You go to the cinema that night, indulging your need for images, dialogue, plot, and so vicariously for people, relationships. Determining against anything English or American, and from the opposite angle against a hit French comedy where the humour might be lost on you, the choice is narrowed down to La Note Bleu, which turns out not to be the tragic tale of a jazz great, but a semi-surreal interpretation of the last days of Chopin. Delacroix pops up off of his banknote, and dream sequences of dancing devils and figures swirling coloured sheets intimate death. There is the constant play of eyes across the colours of 19th-century kitchens, bedrooms and countryside, and there is the music that the sickening Chopin hammers out. Its intensity, though it may be enhanced by the emotional manipulation of which of all the art forms cinema is the most capable exponent, is immediately resonant, so that you can forgive the over-reliance on furrowed brows and caressed keys.
Emerging into that rare summer night light, half disoriented, half extra-receptive to the colour of the city, the music and the images chase you from bar to bar round the newly-cinematic streets. Down rue du Gros-Horloge you go for the first time, passing under the 14th century clock that spans the street, to sit with Joan of Arc in the old market square, where she was burnt alive 560 years ago. The new church dedicated to her looks more like Nemo’s Nautilus than the evocation of flames at the stake it is supposed to represent. Its roof descends in a long scaly tail, which comes down so low that thieving pilgrims have pinched the tiles to hand, to the extent that the roof begins to look more like a snake in the throes of shedding its skin than anything else. A concrete and metal cross marks the spot where Joan is thought to have been martyred, and you can’t help but touch it, and think of the flames that rose to her Roman nose.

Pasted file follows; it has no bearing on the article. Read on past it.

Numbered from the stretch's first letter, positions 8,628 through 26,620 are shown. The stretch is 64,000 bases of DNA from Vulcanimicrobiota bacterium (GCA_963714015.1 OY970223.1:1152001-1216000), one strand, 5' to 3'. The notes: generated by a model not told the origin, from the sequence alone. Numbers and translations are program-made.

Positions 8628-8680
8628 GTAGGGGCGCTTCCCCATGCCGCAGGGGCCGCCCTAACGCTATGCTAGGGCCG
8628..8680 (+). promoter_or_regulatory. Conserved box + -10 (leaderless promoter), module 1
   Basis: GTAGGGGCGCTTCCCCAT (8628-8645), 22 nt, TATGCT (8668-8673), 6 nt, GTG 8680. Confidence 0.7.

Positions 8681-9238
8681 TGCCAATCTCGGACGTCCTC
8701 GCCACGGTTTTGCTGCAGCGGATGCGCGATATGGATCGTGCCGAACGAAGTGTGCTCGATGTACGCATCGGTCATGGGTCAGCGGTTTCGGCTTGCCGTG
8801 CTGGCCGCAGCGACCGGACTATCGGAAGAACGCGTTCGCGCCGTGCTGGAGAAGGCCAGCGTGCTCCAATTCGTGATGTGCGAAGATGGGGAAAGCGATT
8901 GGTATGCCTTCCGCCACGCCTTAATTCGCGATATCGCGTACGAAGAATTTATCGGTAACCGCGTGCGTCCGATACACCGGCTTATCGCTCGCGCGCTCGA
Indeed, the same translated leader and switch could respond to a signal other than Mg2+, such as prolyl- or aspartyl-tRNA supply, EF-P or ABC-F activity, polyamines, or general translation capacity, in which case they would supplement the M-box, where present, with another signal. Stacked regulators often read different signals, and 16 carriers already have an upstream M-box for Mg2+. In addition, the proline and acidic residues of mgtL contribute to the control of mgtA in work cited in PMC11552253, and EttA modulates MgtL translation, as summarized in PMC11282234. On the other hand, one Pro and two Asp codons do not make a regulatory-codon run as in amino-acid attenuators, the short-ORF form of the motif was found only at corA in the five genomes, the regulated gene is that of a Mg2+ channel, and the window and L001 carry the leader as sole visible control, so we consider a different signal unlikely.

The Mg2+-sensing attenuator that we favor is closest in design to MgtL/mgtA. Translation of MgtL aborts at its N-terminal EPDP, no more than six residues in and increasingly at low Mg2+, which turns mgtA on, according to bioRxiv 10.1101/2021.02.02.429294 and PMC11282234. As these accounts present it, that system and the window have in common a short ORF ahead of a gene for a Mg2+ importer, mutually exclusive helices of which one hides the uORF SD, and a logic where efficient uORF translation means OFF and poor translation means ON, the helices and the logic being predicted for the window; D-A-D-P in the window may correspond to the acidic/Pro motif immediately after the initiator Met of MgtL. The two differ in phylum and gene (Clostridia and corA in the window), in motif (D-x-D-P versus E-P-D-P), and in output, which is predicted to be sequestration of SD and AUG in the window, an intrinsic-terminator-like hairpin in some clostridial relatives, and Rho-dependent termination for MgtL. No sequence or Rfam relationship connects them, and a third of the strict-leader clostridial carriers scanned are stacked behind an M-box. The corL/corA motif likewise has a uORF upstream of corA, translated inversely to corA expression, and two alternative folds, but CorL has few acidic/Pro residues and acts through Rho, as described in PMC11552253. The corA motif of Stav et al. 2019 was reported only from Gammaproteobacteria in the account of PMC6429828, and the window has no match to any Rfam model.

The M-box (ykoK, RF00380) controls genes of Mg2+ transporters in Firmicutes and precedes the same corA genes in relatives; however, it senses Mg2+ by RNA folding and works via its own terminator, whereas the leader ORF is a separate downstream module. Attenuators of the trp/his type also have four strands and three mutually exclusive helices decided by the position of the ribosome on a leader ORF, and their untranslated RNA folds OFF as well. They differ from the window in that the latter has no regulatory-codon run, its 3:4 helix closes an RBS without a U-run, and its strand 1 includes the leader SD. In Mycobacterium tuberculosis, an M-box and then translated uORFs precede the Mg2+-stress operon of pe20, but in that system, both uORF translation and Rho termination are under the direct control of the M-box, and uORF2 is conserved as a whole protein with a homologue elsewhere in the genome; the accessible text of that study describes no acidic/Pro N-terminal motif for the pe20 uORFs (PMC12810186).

Try as you may, the terrasses are alien to you (though the English-style pub bars are worse, because of their artificial air) especially in the cool of evening; you have not learnt how to feel at ease sitting alone. A book would help, or a wrist watch, to check on the time of the meeting for which you are not waiting. Your wrists are bare, so too your fingers, your ears. Jewelry implies a commitment you have never felt able to make, and a watch stands for the duties and small responsibilities from which you have escaped, or fled. Relegated to a pocket, your watch has done nothing but clock up the seconds and hours of a new routine, and in Rouen, where it should have speeded up or slowed down, time still beats unvaryingly. Restless, alone, you fiddle with the watch and try to stretch out your stay at this table until its face says quarter to.